Margarine at Unilever's factory in Rotterdam.
Photo by JOHN THYS AFP—Getty Images
By Geoff Colvin
February 18, 2017

Kraft Heinz’s $143 billion bid for Unilever was totally predictable. It was also a complete and utter surprise.

It was predictable because it perfectly fit the playbook of 3G Capital—the private equity firm that runs Kraft Heinz (khc) and controls it in partnership with Warren Buffett. 3G grows its businesses through acquisitions, not organically. And it needs to make another major buy to justify its lofty stock price. But no Wall Street analyst (nor I, in my recent cover story on Kraft Heinz) imagined the company would go after a target as big as Unilever.

The move strongly supports speculation by many in the food business that 3G intends to do with food what it has done with beer: build a global colossus that dominates the industry. 3G created AB InBev, which brews some 30% of all the world’s beer, through a series of acquisitions that ended with a takeover of breathtaking audacity, buying SAB Miller for $117 billion.

Unilever would be far bigger. The acquisition would be the third-biggest takeover of any kind, ever, and that’s assuming Kraft Heinz doesn’t have to raise its bid significantly, which it almost certainly will have to do. Unilever firmly rejected the bid, and CEO Paul Polman, who has based his strategy on achieving environmental and social goals as well as financial ones, can be counted on to oppose it fiercely.

(Read: Unilever CEO Paul Polman’s Plan to Save the World)

3G was looking for two major features in Kraft Heinz’s next target: corporate fat to be cut, and access to non-U.S. consumers, especially in emerging markets, which are growing much faster than the U.S., Europe, and other developed economies. Unilever offers both. The fat-trimming opportunity may not be quite as large as 3G is used to. Many food and beverage companies, hoping to preempt a 3G takeover, have been cutting costs more aggressively in recent years. Unilever, for example, uses zero-based budgeting, a rigorous practice that’s a key element of 3G’s playbook.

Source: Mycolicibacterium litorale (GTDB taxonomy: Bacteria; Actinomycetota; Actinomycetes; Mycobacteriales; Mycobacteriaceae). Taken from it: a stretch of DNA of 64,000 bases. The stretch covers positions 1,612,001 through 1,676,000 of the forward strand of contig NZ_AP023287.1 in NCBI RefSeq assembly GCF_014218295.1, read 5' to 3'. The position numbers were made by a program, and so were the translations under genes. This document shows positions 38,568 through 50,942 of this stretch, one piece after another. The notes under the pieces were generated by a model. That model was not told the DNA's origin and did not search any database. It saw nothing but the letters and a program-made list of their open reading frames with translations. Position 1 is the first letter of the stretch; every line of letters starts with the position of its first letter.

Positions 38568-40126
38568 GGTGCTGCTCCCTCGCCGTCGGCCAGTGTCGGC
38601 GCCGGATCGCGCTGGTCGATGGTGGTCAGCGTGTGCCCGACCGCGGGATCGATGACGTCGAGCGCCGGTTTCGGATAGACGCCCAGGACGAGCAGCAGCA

But Unilever’s massive presence in emerging markets may be irresistible to Kraft Heinz. Unilever does 57% of its business in emerging markets vs. Kraft Heinz’s 10%. Merging with Unilever would be transformative.

Of course Unilever sells much more than food, which raises questions about this bid. Does Kraft Heinz really want to sell Dove soap, Surf detergent, and Unilever’s many other non-food brands? Probably not. It may well intend to separate the businesses if its bid succeeds. Food (Hellmann’s mayonnaise, Knorr soup, Ben & Jerry’s ice cream, and much more) was only 43% of Unilever’s business last year. But the food business still contributed revenue of about $23 billion, almost as much as Kraft Heinz’s $26 billion.

All we can say with confidence about this story is that it almost certainly isn’t over. No one thought 3G could buy Anheuser-Busch or SAB Miller, both of which rebuffed its initial bid. But 3G does not give up easily. So far, no one seems to have stopped it from getting what it’s after, and any opposition at Unilever will likely be no exception.

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